Victus Global Capital and Altree Capital have partnered to launch a US$50mn fund focusing on investment into women-led agribusinesses in Africa.

The fund aims to boost African agriculture through the practice of so-called ‘gender lens investing’, which focuses on funding women-owned businesses, companies with a track-record of hiring women, and those that aim to improve the lives of women through their products and services.

It is initiated by Bo Masole and Zee de Gersigny – the founders of Victus Global Capital, an investment firm focused on transforming agriculture and empowering women in Africa – and Jenni Chamberlain, CEO of African asset management specialist Altree Capital.

Together, the two companies are working on a pipeline of projects, which include a tomato processing plant in Zambia, a meat processing plant in Malawi and a coffee export project in Ethiopia. The aim is to make individual investments of between US$250,000 and US$10mn.

Speaking to GTR, the initiators say the fund seeks to address a common issue for women-led businesses, namely that they often find it more difficult than men to access finance.

“In some countries, agriculture makes up 85% of employment. This is an industry that pre-dominantly employs women, is run by women, but they don’t share the financial gain,” says Masole, who is also the founder of Victus Global, a food security consultancy.

“There are a lot of networks that exist within finance that are really male-dominated,” adds de Gersigny. “Not intentionally, but what ultimately happens is that men allocate money to other men.”

She points to statistics from the World Bank, according to which SMEs represent 45% of employment and 33% of GDP in emerging markets, with one third of them being women-owned. Of these, 70% are underserved by financial institutions.

“The reasons are that women in many of these countries are less likely to own assets, they don’t have the same kind of network, they often don’t have the same knowledge or understanding of how to access finance,” de Gersigny says.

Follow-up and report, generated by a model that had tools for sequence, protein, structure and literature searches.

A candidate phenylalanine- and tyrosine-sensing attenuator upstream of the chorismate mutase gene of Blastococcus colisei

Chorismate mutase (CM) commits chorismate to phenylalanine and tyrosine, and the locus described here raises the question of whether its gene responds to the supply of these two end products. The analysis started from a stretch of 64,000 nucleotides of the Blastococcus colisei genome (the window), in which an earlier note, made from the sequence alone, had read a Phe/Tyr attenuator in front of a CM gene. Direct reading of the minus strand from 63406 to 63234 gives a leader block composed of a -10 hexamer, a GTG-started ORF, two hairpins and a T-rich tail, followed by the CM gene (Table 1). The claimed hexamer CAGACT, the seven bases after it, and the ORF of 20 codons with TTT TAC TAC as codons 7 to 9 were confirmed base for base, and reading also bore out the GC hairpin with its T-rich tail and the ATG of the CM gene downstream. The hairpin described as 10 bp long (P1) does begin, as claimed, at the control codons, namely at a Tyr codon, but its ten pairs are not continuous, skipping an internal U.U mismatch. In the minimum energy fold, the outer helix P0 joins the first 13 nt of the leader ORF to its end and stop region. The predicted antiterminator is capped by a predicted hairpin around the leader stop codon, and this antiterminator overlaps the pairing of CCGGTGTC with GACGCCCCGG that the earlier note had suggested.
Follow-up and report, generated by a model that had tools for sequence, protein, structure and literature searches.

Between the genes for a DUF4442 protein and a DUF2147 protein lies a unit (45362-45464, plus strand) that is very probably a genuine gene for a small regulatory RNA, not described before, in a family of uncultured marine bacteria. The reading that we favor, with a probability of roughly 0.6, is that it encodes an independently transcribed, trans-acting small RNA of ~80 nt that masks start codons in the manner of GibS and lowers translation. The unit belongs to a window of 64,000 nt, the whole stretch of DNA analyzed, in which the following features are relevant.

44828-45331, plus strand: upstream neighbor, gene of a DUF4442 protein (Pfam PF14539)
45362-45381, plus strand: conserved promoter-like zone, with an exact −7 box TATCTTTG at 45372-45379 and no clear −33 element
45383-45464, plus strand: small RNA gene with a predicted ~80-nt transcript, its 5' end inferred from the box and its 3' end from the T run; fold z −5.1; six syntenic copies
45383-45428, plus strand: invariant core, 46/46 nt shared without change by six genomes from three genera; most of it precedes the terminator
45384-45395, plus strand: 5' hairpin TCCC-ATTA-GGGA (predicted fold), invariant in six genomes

The fund focuses specifically on developing the agriculture sector, which Masole says has stagnated due to lack of technical expertise, lack of access to market and not least the lack of access to finance. She highlights that, despite decades of investment, Africa remains a net importer of food, a situation that has been unaddressed for too long.

“As the world’s population continues to grow, we need to find new ways of producing food. The African continent is the next place to go,” she says, adding that 60% of the world’s uncultivated land is situated in Africa. “Despite this, they still produce very little food on the continent because of lack of expertise. What we are doing is developing these SMEs and women-led businesses, and helping them to penetrate the market.”

Investments from the fund will help the targeted companies scale up their business, and ultimately, the initiators hope that it could enhance intra-African trade. “These companies supply to local markets, but could expand to regional and international markets,” Masole says. “We see more opportunities to supply to African markets. Africa is a big net importer of food, so the opportunities in this sector are to produce for the African markets themselves, and then of course ultimately their opportunities for international export.”

Geographically, the focus will be on Sub-Saharan Africa, excluding South Africa, with Ethiopia, Zambia and Tanzania being the key target countries. At a later stage, the initiators are planning to create a separate fund for South Africa. “We would need a much bigger fund for South Africa. Once we’ve got this fund fully invested, there is definitely an opportunity to raise a larger fund that would really focus on South Africa and much bigger projects,” de Gersigny says.

She adds that investors are more than interested in the initiative. “There’s a large movement into the impact investment space. Many of these investors are now looking to make investments into emerging markets, or frontier markets. They really want to have a positive impact on the economy, to empower people to reduce poverty. If we are going to reduce these significant systemic issues one has to focus on empowering women.”

Masole concludes that not only are investors more interested in women-led businesses; they are also moving away from traditional sectors in general. “Investors are starting to look at non-traditional opportunities, like agriculture, and moving away from sectors such as infrastructure and mining.”

The initiators hope to raise the targeted US$50mn by the end of the year.